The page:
The annual meeting of the American College of Physicians (ACP) was held from April 19 to 21 in New Orleans and attracted more than 6,000 participants from around the world, including internists, adult medicine specialists, sub-specialists, medical students, and allied health professionals. The conference highlighted recent advances in the prevention, detection, and treatment of illnesses in adults, with presentations focusing on updates in neurology, oncology, infectious diseases, endocrinology, and cardiology.
During the conference, the ACP held a panel discussion to address a new position paper outlining impacts of social determinants of health on patient outcomes. The position paper was published recently in the Annals of Internal Medicine.
"Physicians need to appreciate the importance of socioeconomic determinants of health. Zip codes, perhaps even more than genetic codes, determine life expectancy and health overall," said panel member John Ende, M.D., immediate past president of the ACP. "The more we know about socioeconomic determinants of health, the more effective we can be as internists in achieving better outcomes for our patients, particularly those who are challenged by poverty, low education, unemployment, and other factors that account for worse health outcomes in our most vulnerable populations."
In addition, according to Ende, training in socioeconomic determinants of health should be part of the medical school and resident curricula, and should also be emphasized in continuing medical education.
"Moreover, these issues really need to be addressed by policy makers at the local, state, and federal levels. The ACP calls for more funding for research in this area. Research is needed to identify the best strategies for internists to use to identify when a patient's health is impacted by socioeconomic factors," Ende added. "Equally important, research is needed to identify the most effective approaches to address these problems at the individual, patient-physician, and population levels."
Furthermore, Ende noted, an appreciation of the socioeconomic determinants of health enables physicians to understand, for example, why patients with asthma find themselves repeatedly in the emergency room with recurrent attacks of asthma, why patients with hypertension don't achieve appropriate blood pressure control, and why patients with diabetes are unable to reach recommended glycemic targets.
"Treatment failures such as these are often directly related not to biologic factors, but to socioeconomic factors," Ende said. "Physicians need to become aware of the importance of socioeconomic determinants of health and discuss them with their patients. This will enhance the bond between patients and physicians. This bond is so important for achieving positive health outcomes, particularly for our most vulnerable patients."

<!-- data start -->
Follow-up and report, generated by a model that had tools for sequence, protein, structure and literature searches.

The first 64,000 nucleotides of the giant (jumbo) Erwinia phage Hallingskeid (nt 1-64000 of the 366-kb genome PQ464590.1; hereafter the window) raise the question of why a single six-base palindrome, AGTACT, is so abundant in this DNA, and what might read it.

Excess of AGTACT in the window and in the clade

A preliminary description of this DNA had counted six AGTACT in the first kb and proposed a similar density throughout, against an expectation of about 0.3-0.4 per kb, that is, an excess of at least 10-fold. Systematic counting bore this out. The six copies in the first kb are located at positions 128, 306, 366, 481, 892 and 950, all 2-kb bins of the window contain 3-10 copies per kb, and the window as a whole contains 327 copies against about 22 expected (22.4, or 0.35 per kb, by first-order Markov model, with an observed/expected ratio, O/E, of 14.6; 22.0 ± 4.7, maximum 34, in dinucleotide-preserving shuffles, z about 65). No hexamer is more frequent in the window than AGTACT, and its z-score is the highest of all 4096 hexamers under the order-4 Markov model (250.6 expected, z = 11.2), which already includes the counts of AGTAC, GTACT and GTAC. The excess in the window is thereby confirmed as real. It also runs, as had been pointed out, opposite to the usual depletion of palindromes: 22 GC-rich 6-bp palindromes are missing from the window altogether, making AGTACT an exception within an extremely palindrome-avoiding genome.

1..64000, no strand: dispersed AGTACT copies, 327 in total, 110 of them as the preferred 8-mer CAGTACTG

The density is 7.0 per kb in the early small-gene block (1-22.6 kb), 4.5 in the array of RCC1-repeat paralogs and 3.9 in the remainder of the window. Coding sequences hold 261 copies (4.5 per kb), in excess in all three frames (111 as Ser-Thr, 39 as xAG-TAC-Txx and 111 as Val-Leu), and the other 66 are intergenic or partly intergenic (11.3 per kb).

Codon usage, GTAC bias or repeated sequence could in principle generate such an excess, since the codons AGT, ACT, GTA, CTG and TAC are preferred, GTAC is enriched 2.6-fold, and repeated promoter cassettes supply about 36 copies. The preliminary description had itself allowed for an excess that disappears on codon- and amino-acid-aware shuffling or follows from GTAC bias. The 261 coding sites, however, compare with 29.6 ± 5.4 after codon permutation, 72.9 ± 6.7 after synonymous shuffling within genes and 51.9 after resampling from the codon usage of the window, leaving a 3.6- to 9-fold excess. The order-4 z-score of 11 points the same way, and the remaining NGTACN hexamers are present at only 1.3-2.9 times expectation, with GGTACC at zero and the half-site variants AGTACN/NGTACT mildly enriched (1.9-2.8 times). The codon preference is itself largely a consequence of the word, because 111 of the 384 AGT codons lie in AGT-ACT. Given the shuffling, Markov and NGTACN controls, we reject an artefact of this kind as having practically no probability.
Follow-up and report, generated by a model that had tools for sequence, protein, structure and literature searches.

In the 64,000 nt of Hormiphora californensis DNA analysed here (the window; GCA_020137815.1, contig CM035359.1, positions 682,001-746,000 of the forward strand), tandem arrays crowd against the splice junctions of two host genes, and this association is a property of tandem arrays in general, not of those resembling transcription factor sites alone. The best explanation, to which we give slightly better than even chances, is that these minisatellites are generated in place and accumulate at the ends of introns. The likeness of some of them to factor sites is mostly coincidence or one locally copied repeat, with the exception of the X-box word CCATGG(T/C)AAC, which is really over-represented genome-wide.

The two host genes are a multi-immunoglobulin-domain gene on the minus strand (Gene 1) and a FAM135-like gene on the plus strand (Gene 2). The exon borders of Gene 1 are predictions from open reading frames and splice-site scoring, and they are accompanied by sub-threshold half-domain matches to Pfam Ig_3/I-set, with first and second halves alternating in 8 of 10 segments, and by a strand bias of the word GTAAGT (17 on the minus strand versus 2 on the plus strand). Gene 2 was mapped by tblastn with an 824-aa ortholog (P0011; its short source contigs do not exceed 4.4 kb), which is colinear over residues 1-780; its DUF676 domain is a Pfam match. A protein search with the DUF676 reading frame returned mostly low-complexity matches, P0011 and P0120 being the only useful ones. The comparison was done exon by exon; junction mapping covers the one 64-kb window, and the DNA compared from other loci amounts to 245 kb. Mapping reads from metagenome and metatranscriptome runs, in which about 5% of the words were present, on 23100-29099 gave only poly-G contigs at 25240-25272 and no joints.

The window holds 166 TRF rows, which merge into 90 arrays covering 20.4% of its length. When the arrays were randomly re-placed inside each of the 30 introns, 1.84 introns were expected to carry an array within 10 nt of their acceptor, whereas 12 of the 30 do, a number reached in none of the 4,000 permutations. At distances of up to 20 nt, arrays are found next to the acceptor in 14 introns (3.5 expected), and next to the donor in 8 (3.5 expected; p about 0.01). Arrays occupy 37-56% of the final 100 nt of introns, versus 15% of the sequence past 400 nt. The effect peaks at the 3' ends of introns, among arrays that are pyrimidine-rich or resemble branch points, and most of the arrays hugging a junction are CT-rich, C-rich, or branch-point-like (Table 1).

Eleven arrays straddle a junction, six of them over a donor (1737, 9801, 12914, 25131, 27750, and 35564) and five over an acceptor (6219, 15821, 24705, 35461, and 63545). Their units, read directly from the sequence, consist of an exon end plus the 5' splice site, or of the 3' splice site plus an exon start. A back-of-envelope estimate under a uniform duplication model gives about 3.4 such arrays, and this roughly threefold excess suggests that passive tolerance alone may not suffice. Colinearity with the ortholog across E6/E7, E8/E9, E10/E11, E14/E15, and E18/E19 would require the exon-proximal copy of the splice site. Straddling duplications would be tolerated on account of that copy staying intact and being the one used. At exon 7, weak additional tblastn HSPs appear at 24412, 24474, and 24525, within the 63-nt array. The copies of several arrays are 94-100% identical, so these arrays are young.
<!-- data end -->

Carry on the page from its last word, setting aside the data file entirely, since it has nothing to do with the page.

Also during the meeting, the ACP provided an update regarding their Physician Well-Being & Professional Satisfaction initiative, which aims to promote physician well-being, improve practice and organizational environments for internists, cultivate local communities of well-being, and advocate for systems changes.
"The initiative is being led by the Physician Well-Being & Professional Satisfaction Task Force and includes tools and programs for individual members, their practices, and ACP Chapters, all focused on helping physicians and patients thrive," said Susan Thompson Hingle, M.D., chair of the Task Force. "We are working to foster a culture of wellness by training local well-being champions who will work with individuals, practices, and organizations to combat burnout and foster wellness. We are advocating for systems changes through our Patients Before Paperwork initiative that is working to simplify, streamline, and reduce excess administrative tasks that detract from patient care and contribute to burnout."
The ACP is collaborating with other organizations to aid in this initiative, including the National Academy of Medicine, the Collaborative for Healing and Renewal in Medicine, and the American Medical Association.
"By reducing administrative hassles and tasks and improving practice efficiency, clinical practice will become more enjoyable and effective for patients and physicians as well as the entire health care team. It will allow for more patient-centered care and allow for the return of focus on the physician-patient relationship," Hingle said. "As that returns, physicians will again be able to find meaning in medicine. As burnout turns to thriving, there should be a decrease in physicians leaving practice early, and thus we may begin to chip away at and assist with some of the workforce shortage issues."